Although mainstream media seldom talks about Arab Christians, there are millions of us all over the world, from Lebanon, Palestine, Syria, Jordan and Egypt. Easter is huge for us, and there are many traditions we participate in to prepare for this big holiday. Palm Sunday masses tend to be massive processions where everyone is holding palms, flowers, or ornately decorated candles. The mass is usually read in Latin, and everyone wears their Sunday best. There are no Easter bunny or chocolate eggs in sight, but eggs are colored with natural dyes like onion skin boiled in water (which gives the eggs an orangy color) or beet juice. Food traditions are very important too, and ma’moul cookies, or ka’ak bajwa (date cookies) are fundamental to the food preparation. Ma’moul is not the type of cookie made by one person, unless that person has a ton of time to spare. The cookie has many steps which an require assembly line. This requires the whole family to participate which is great because everyone feels like they are a part of this big holiday. Generally one person rolls the dough into balls and the date paste into cylinders, another shapes the cookie, and another decorates the cookie. And of course everyone loves to eat the cookie right out of the oven, when the dates are soft and almost chocolaty in flavor, and the buttery dough just melts in your mouth.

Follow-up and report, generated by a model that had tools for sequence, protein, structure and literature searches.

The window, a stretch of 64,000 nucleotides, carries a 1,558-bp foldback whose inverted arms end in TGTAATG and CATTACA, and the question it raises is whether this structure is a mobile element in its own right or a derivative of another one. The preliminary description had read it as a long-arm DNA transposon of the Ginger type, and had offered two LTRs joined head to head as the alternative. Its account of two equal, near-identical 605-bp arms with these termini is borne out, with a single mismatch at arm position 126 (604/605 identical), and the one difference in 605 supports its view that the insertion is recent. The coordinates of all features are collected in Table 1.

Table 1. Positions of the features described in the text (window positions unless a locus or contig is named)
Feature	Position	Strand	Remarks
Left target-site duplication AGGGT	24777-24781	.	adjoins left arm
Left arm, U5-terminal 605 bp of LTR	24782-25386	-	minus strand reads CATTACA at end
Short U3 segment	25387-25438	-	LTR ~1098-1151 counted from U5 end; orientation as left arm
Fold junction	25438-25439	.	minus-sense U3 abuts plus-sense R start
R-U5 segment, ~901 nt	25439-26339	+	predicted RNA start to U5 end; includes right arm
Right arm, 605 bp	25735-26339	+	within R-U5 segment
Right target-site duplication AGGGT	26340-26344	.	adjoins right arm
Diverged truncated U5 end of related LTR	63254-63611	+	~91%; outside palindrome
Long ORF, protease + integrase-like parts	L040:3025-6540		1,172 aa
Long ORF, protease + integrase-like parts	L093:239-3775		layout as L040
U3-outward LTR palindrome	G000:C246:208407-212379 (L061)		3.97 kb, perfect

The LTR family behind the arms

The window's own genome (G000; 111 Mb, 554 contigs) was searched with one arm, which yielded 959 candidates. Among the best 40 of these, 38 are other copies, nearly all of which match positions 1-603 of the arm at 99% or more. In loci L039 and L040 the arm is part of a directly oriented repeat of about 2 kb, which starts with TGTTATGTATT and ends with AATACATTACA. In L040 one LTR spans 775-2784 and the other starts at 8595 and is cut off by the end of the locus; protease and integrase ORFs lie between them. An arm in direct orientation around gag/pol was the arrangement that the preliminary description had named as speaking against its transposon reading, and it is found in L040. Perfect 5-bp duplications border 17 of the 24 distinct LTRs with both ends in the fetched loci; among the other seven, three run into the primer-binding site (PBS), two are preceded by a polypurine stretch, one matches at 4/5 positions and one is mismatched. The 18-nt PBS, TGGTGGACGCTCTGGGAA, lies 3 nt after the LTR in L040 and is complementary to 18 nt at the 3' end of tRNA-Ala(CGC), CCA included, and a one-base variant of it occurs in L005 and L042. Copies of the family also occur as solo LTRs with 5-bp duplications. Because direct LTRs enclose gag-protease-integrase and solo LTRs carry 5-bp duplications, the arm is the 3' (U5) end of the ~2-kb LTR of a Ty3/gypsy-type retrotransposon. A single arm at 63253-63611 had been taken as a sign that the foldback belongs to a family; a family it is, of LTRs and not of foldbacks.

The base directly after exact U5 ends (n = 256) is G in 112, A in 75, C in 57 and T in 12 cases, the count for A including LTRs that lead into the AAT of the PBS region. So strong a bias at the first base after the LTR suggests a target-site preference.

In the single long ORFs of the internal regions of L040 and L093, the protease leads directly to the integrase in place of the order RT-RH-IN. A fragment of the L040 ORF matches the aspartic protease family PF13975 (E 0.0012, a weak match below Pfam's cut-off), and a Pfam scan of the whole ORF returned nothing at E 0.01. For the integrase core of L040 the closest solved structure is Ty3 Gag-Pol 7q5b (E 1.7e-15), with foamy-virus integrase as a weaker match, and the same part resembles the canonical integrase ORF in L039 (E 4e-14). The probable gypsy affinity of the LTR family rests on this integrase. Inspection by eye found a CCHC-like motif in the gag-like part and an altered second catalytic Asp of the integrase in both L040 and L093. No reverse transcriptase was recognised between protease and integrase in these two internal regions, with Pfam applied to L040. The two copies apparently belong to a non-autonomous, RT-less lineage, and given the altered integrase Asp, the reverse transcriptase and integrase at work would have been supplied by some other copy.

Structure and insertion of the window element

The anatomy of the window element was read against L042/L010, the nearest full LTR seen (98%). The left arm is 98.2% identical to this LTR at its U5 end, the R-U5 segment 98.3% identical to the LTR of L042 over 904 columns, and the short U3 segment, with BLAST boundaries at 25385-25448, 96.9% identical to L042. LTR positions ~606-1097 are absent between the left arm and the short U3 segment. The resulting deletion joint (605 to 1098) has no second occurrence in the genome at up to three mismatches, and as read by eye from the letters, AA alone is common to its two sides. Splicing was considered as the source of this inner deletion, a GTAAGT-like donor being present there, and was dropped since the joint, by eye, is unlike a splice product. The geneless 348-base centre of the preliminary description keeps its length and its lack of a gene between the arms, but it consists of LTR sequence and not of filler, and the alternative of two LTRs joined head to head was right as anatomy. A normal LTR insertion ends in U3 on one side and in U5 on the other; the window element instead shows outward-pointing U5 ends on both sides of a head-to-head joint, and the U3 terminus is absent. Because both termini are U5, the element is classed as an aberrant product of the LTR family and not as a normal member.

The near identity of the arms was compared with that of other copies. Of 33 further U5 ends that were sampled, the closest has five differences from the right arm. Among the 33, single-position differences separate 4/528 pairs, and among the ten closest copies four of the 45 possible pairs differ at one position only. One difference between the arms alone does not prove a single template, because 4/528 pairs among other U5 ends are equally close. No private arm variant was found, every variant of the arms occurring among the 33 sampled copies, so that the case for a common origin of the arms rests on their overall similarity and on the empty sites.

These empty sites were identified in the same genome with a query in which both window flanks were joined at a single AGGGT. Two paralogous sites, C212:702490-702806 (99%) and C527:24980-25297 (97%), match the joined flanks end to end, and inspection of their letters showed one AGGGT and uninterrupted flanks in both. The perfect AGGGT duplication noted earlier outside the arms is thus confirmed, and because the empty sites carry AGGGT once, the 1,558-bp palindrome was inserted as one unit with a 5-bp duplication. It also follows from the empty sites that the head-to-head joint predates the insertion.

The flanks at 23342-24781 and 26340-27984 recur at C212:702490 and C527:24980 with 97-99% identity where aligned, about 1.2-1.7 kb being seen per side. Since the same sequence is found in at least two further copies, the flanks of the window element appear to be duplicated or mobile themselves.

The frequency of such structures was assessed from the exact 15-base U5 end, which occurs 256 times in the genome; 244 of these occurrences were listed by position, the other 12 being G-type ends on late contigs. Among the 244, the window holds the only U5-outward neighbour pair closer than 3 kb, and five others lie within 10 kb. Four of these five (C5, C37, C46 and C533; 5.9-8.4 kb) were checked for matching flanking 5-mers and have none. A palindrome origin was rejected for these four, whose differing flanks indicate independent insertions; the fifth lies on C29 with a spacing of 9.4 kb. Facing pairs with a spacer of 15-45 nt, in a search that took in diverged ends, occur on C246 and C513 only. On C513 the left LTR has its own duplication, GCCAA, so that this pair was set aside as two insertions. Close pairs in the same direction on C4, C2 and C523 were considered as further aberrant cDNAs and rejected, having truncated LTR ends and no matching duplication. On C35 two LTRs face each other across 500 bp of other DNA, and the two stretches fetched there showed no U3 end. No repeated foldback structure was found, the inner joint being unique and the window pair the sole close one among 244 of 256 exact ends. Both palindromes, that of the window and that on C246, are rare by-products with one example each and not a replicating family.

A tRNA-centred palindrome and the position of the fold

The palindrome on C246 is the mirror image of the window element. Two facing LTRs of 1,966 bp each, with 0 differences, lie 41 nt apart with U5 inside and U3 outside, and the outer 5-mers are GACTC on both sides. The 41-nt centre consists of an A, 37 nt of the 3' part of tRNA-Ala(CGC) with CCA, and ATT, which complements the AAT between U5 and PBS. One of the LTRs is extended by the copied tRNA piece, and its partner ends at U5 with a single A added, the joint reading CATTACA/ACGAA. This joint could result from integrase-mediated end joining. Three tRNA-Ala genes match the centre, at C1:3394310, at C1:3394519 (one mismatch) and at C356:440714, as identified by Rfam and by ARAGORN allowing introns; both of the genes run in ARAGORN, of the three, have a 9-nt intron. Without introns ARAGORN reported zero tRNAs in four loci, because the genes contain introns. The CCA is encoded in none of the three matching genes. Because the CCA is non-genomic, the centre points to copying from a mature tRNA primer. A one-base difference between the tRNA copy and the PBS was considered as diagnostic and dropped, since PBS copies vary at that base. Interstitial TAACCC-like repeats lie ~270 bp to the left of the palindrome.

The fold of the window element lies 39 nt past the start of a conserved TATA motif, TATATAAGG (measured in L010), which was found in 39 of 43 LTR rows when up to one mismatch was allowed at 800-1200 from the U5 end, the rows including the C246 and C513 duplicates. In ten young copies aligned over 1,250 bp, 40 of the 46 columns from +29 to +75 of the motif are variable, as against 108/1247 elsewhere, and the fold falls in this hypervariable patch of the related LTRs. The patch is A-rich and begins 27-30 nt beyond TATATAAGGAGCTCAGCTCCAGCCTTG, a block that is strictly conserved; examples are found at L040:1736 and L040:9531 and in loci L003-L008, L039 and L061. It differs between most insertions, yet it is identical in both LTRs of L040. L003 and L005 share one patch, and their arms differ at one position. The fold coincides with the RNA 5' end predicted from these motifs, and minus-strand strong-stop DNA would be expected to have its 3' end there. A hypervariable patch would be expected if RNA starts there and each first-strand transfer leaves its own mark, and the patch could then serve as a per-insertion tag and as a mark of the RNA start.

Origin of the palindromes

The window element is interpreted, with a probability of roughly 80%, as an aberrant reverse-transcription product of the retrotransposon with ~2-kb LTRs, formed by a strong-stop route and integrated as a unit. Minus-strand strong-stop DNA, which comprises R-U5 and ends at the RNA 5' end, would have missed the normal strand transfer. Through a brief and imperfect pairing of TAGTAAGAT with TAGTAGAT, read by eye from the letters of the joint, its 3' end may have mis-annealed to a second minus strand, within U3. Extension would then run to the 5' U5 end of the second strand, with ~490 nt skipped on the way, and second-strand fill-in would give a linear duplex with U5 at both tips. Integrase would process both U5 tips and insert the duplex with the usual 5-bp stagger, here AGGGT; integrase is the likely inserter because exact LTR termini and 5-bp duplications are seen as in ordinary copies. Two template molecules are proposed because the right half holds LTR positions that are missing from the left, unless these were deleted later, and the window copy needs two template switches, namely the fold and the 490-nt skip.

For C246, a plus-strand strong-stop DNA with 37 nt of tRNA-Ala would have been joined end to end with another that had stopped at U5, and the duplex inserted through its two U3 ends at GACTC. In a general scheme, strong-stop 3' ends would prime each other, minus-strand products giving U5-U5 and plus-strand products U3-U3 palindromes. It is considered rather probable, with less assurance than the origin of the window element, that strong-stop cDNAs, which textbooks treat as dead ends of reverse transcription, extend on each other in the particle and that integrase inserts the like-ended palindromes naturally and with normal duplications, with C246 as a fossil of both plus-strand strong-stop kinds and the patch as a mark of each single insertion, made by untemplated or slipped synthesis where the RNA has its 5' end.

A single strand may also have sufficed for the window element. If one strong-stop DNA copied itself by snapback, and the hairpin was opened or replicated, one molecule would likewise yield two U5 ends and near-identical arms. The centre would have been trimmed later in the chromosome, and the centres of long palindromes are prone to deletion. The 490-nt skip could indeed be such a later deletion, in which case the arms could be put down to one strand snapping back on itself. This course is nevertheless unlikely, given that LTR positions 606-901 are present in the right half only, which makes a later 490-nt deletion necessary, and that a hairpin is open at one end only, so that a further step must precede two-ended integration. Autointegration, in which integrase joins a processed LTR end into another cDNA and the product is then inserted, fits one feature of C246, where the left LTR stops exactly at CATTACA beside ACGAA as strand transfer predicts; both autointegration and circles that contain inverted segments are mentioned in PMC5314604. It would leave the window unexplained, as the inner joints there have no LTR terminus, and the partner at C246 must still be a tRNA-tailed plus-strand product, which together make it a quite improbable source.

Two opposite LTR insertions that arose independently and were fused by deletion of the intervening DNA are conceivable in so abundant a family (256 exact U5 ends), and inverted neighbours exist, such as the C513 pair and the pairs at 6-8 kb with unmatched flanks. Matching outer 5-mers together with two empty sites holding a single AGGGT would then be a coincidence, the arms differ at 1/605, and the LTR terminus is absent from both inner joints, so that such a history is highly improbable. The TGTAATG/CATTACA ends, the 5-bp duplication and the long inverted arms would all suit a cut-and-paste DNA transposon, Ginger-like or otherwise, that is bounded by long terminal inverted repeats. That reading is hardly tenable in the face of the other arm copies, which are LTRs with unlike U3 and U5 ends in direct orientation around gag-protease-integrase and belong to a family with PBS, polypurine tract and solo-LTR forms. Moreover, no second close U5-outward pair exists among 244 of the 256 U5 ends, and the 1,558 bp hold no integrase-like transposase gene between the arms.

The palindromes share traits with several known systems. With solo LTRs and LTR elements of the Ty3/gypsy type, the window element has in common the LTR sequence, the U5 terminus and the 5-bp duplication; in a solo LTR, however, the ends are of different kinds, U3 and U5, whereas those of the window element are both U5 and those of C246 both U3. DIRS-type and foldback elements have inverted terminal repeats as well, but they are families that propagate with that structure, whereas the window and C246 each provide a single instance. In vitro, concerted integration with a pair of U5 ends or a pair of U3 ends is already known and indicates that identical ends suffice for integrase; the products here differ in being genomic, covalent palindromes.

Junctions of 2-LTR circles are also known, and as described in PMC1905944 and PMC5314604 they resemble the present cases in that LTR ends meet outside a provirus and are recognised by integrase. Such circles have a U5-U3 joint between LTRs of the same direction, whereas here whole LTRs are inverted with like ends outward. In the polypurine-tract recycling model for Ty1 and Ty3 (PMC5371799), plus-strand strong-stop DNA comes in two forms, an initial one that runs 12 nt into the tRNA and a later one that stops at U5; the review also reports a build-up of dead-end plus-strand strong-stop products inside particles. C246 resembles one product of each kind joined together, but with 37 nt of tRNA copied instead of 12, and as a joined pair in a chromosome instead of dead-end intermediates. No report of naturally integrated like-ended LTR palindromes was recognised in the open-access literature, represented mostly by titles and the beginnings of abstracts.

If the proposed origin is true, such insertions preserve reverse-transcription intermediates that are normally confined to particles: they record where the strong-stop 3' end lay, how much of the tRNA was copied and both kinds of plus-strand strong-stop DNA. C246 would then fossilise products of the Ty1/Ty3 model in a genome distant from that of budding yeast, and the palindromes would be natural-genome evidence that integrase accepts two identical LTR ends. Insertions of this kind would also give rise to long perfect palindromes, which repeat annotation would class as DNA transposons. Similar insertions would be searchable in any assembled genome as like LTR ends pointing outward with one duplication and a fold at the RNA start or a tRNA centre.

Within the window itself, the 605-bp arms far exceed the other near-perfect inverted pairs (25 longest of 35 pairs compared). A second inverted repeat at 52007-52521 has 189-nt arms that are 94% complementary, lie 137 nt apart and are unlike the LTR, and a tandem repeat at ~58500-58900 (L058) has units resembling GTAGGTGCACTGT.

The cookie is actually meant to symbolize the crown of thorns worn on Jesus’s head. The reason why no sugar is added to the dough is Jesus’s death was bittersweet. The dough is sugarless, because during Lent many fast from sugar to respect the crucifixion. The sweet date interior reflects the sweetness of Jesus’s resurrection. But people of all denominations enjoy this cookie, which is also made by Muslims during their big Eid holiday. People make the cookie more festive with a dusting of powdered sugar for Easter.
These cookies can be frozen, which many like to do to enjoy the cookie all year round without having to make it again!
As a thank you to you, my subscribers, here is my latest vlog which shows you how to assemble these cookies, followed by ingredients and instructions. And for all of you that celebrate, have a very Happy Easter!
3 cups semolina flour
1 cup clarified butter (or ghee, at room temperature)
1/4 tsp mahlab or ground cherry kernel powder (optional found in Middle Eastern stores)
1 packet yeast
3/4 c warm water
1 tsp sugar
1 pound pitted mejdool dates (make sure they are really soft)
1/4 tsp nutmeg
1/2 tsp cinnamon
Combine the semolina flour, mahlab and clarified butter. Cover and leave overnight (don’t worry it won’t spoil as clarified butter has no cheese curds left). The next day combine the yeast with the water and sugar and stir vigorously, cover with a towel. Wait 10 minutes before adding to the semolina mixture. Add a little bit of yeast /water mixture to the semolina at a time, combining with the dough with your fingers (so wash your hands!). You want the dough to be pliable and easy to work with, and not crumbly. Depending on the type of semolina you buy, you might need all of the water or a fraction of it. For the dates, make sure they are very soft, and whirl them into a large food processor along with the nutmeg and cinnamon until it forms a paste. You can also buy ready made date paste (sold in middle eastern markets and health food stores) and combine with the spices for a shortcut. Roll the date paste into long logs about 1/4 inch thick. Now to assemble, look at the video above, which will show you step by step how to assemble. Bake on a cookie sheet for 12 minutes (or until tops are browned) at 400 degrees.